My mom always gets mad when I say I have eaten junk food my whole life. She grew up working class, eating very different food than I did as a kid, and I think she forgets how often she was forced to give us Eggos as she rushed off to work. Whether it comes from a box or it is sprayed all over our fruits and vegetables, chemicals reign supreme even in relatively “healthy,” middle class homes. I hate to guilt trip my mom, or myself—I just feel so protective over children now and so outnumbered by the crazy food options everywhere I go with Monty. It isn’t just that there is a fast food chain every other block. Like most kids, Monty watches some YouTube shows and even seemingly benign ones will sneak in a Happy Meal for no apparent reason! Studies have shown children have a remarkable ability to recall food products that have been advertised to them.
Of course, there is a flip side to that. There is also a huge industry making tons of money on cancer patients’ fear and selling us all sorts of supplements and fad diets that have no proven track record. Capitalism and cancer—it’s complicated! Regardless, once I finished chemo, I wanted to eat whatever I wanted to eat after months of not being able to taste or enjoy delicious food. I was tired of feeling sad about my body, mourning a health I never really had. I wanted to have fun!
So, I spent our travel day in that in between place on my own personal spectrum of health, feeling ashamed of being low energy and making unhealthy choices but also ecstatically happy and grateful for the ability to fly cross-country with Monty alone, even if (maybe because) it involved eating junk food.
Every three weeks for a year, I got a Herceptin infusion for my triple positive breast cancer. It is a miracle drug—but in some patients it decreases heart function, me included. I was monitored monthly with an echocardiogram. Heart problems are a scary side effect of cancer treatment and I get extremely stressed out about it.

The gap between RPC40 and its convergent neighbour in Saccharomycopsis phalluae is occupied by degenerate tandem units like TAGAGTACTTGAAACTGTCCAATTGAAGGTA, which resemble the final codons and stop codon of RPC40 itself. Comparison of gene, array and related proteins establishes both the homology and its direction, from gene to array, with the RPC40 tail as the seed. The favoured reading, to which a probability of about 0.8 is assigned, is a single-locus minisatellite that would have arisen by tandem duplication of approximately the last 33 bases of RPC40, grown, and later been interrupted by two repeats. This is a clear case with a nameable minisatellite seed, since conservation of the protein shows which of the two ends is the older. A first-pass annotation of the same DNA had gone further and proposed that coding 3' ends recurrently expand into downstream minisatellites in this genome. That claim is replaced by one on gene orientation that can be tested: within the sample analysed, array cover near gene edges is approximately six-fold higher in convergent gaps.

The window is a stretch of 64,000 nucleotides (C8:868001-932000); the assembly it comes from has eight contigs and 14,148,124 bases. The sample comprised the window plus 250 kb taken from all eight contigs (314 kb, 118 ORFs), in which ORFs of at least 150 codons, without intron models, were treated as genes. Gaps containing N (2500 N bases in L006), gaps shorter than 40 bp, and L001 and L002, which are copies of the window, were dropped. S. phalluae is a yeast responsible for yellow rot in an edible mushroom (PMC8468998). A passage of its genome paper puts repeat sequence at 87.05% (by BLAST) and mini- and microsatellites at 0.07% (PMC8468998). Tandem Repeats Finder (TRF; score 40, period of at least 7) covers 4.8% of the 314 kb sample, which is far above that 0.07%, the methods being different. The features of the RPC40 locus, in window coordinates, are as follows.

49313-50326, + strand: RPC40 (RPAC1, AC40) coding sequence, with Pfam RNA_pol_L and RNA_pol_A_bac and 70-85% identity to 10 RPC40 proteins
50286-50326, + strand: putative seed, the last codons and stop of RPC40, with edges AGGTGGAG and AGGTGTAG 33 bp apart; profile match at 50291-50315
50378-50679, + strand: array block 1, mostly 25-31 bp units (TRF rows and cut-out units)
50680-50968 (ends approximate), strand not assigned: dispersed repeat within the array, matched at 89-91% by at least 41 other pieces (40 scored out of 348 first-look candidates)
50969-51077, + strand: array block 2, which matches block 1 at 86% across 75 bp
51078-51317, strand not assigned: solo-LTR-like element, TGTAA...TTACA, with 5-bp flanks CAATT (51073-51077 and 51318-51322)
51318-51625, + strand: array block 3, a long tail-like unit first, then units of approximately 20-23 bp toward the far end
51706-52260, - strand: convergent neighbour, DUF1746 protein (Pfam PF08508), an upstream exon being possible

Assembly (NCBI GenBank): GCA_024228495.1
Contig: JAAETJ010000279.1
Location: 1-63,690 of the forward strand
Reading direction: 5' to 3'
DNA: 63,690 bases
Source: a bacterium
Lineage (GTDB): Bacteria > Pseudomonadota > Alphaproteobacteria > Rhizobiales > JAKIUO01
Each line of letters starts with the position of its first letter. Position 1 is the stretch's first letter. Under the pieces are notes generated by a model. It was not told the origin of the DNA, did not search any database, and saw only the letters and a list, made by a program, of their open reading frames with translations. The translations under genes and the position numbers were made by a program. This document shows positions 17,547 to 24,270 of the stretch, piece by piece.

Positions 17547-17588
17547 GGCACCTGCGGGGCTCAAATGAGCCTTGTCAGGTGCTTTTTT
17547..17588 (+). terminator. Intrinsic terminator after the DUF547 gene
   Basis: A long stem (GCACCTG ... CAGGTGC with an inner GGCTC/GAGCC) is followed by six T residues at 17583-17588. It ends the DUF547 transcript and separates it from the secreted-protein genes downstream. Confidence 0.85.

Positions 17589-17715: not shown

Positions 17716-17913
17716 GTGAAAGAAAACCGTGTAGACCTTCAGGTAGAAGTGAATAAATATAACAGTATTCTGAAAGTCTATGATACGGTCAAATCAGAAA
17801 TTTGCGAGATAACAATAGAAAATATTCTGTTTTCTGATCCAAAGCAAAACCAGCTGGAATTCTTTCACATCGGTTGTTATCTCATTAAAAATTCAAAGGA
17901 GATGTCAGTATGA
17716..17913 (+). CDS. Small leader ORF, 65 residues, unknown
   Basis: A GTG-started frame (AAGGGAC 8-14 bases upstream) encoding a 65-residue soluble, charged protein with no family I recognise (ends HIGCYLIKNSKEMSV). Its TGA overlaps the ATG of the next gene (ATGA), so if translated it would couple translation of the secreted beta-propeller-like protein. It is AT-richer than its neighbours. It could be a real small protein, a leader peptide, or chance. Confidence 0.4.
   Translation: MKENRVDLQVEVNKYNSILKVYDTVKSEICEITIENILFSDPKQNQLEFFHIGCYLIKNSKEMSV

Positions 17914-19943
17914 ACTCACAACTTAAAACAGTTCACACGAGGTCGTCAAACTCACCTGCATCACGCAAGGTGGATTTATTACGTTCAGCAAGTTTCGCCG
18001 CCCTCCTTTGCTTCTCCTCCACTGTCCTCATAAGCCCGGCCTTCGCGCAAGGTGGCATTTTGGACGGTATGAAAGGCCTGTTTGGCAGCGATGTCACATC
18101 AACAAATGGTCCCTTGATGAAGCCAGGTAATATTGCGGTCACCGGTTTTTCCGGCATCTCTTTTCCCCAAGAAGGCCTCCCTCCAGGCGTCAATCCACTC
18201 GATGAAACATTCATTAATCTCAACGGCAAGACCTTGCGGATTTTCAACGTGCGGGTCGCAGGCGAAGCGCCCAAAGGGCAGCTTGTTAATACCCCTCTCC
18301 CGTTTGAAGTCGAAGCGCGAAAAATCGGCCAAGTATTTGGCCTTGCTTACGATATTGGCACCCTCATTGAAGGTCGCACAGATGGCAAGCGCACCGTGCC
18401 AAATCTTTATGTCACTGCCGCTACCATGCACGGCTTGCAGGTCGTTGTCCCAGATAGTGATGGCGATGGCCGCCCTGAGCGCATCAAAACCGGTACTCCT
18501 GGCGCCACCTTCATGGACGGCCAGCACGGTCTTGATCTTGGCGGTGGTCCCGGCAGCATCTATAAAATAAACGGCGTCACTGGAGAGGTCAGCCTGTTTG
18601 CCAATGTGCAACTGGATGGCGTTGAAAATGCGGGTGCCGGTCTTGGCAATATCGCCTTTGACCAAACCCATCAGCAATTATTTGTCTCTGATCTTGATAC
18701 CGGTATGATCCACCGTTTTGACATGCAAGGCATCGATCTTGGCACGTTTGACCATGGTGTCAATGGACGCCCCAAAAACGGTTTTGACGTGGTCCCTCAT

The day after we got back to California, I went to Stanford for my regularly scheduled “echo” and the tech I was assigned was funny. She talked about how tired she was of being a traveling nurse and being apart from her husband. I remember thinking about how she was giving me a very different exam. Usually, the tech asked me to breathe in and out and hold my breath a lot. She didn't do that. The exam was almost over. The last thing they always do is tell you to look up, “tilt your chin up,” and they look down at my heart from my collarbone area. She looked for a lot longer than normal.
She asked me to lay there because she needed "another set of eyes." I looked towards my bag. I lay there covered in sticky pads and ultrasound gel. I remember how all the ultrasounds reminded me of being pregnant at first. Now, they definitely didn’t. I wanted to call my fiance and tell him what was happening but I couldn’t move. When she came back in with the other nurse she called me "sweet pea." I thought to myself, This is how it starts.
They told me they may have found a mass in my chest. "Are you okay?" she asked as she walked me out. I FaceTimed with my fiance from my doctor's office, and he said I looked beautiful. He always thinks that. My doctor tells me not to overreact and wait for the CT scan. He had a similar scare once.
The guilt of the way I had been acting and eating to get through everything surged. I walked over to the infusion center to get my Herceptin. The nurse there also seemed unfazed about the mass as I told her everything. This all happened about a month before my one year cancer diagnosis anniversary.
I had been contemplating what I would do on that day for a while. From my comfy infusion chair, alone in the white white room I never thought I would see, I was pumped with my life saving, heart function erasing miracle drug. I ate a veggie burrito afterwards. The mass ended up being nothing. Nothing to worry about at least.
I am currently fantasizing about adopting an abandoned plot of land in Baltimore and starting a cancer survivors’ organic garden, an idea I got from Dr. Demark-Wahnefried. Instead of obsessing and worrying about saving the world and letting all of those ugly feelings take me over, I want to funnel all of my rage and disgust into working the earth and growing some lovely delicious fruits and vegetables for my fellow fighters.
Sienna Cordoba's writing explores the experience of motherhood under unhealthy conditions. She is a recent cancer survivor and a young advocate for Living Beyond Breast Cancer. She is also Colombian-American and committed to telling stories about Latin America and Latinos living in the US.